Those who are homeless don’t really care about having the latest gadgets that will soon be forgotten next month when the next new thing comes out.

Think about that when you’re consumed with consumerism. Materials don’t matter, but moments do.

While I am a self-proclaimed grinch (and rightfully so, in my opinion); I’m thankful I still remember the reason for the season.

Sending my prayers, love, and hugs to everyone out there who can relate.




Holy, Holes, Whole~Part II

Given the imperfect nature of life, the process of being poked, prodded and left filled with holes, reconnection with God, and subsequently made whole again is something that occurs during the continuum of a lifetime. Therefore, in my opinion, the goal shouldn’t be to attain a staunch position of holiness, but an ever-growing, ever-evolving posture of seeking to pour out the negative and refill with new vision and insight into the nature of God. Our stance should be one of earnestly seeking to know more of Him, to become more and more like Him daily with a humbly submissive, dependent nature that won’t allow us to become so Biblically elite that we turn away those who need God most.

So how do we do this?

1. Never forget from where you come. Remembering how much you’ve learned and grown over the years will allow you to remain humble, and thus open to learning and growing more. This will allow your spiritual nature to continually evolve.

2. Tell your story. By allowing those who may be struggling alone in the dark stumbling over the same lessons over and over to hear your personal story, it will normalize what they are going through and they can feel more confident knowing they aren’t really alone in their struggles. It will also give you a feeling of accomplishment knowing you were able to help another person begin the process of becoming whole. Sharing is healing.

3. Don’t get caught up in memorizing the text. Regurgitation by definition is a natural release of all that is bad, so why would you merely want to vomit out a scripture given the valuable nature of its content? Take some time to go deeper to understand the meaning and apply the meaning to how you live your life. Everyone who comes in contact with you should come in contact with the Bible through normal everyday interaction, not simply because you are “preaching a sermon.” Actions speak louder.

4. Throw out the notion that you have to be perfect. I’m not certain where this theory came from; perhaps it’s a twisted view of the concept of being Christ-like. While striving for perfection is perfectly okay, remember that the beauty of life rests in our ability to continually develop. Once that halts because of achieving nirvana, we die. In order to truly live, you mustn’t ever stop learning and given that there’s always something to learn; accept that you won’t ever be perfect.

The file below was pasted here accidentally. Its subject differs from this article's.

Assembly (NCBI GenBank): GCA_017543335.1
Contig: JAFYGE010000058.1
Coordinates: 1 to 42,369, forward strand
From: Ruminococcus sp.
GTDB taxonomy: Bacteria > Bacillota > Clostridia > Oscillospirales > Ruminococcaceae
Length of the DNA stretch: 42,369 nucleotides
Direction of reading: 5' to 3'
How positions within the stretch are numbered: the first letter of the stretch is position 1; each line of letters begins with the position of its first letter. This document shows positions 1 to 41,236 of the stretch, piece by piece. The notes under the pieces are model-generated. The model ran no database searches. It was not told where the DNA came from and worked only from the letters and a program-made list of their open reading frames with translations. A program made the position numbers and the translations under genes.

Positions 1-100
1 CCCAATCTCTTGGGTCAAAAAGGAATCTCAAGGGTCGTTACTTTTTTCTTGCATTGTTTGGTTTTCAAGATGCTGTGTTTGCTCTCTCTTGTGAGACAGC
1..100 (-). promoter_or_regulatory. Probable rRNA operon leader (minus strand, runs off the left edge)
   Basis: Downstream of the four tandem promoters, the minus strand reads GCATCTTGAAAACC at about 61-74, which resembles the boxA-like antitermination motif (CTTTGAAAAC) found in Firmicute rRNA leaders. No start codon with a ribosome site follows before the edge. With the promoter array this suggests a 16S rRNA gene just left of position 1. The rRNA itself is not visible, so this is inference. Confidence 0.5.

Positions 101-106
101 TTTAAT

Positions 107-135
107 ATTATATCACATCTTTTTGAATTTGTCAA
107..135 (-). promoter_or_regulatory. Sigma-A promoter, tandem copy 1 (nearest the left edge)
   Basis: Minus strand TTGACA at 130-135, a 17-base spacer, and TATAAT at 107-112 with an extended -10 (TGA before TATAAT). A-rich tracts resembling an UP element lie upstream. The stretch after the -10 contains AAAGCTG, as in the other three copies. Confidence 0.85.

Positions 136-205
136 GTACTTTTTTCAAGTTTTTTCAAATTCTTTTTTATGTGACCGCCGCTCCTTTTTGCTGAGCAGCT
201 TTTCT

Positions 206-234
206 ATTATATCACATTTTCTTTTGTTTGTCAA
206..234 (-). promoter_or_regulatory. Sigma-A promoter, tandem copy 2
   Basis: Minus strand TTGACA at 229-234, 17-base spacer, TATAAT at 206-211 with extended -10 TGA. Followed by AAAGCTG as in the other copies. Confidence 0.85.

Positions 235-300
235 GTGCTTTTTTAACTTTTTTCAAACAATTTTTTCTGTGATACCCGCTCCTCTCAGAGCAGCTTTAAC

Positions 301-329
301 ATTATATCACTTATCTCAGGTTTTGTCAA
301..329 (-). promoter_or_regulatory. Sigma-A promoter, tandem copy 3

5. Love more, judge less. To my knowledge, God hasn’t died (and remained dead, depending on your beliefs), which means His position isn’t vacant. If you focus more on loving your brothers and sisters as is (the way God loves you), then there will be less time to pick apart their faults. We all come up short at some point in time, so give a little grace and focus on loving the person despite their holes. Besides, how can you judge someone when you aren’t, nor have you ever been, or will ever be perfect? A wise man once told me, “I’m going to do the loving and let God do the judging.”

Through it all we must be thankful for grace and mercy because without it, we would have less bullet points on our list of achievements. The process of spiritual development is one on which many of us long to progress. Progression can be very difficult because rigid belief systems are by nature prohibitive. We must remember to remain open to new perspectives, new experiences, and new insight, as they all have a place at the table of righteousness. Your whole-self will thank you and before you know it you will be surrounded by wholesome people.


Holy, Holes, Whole~Part I

The Process of Spiritual Development

I’d be willing to bet we all know people who can recite Biblical scriptures as fluidly as they can say their names. Many times these people are also able to eloquently explain their interpretations of those scriptures. The ability to accurately quote scripture is held in high regard by many, as it is the expectation of those who choose to live according to this text to fervently study it daily, with the assumption they will be able to communicate what they’ve learned to others.

If you aren’t as well versed on the Bible, inadequacies can creep in during conversations with the Biblical elite, even when you know the message you’ve verbalized is well thought out, logical, and accurate in terms of the meaning and application of the Word. In some communities the inability to quote scripture is something that is frowned upon, and voice of those unable to do so discredited. There are others who are more concerned with living out the essence of what it means to “treat those the way you want to be treated,” as opposed to merely spewing the words. Of course we know those whose regurgitation raises more hell than heaven, which often times contradicts any good intentions, leaving many disenchanted with all things holy.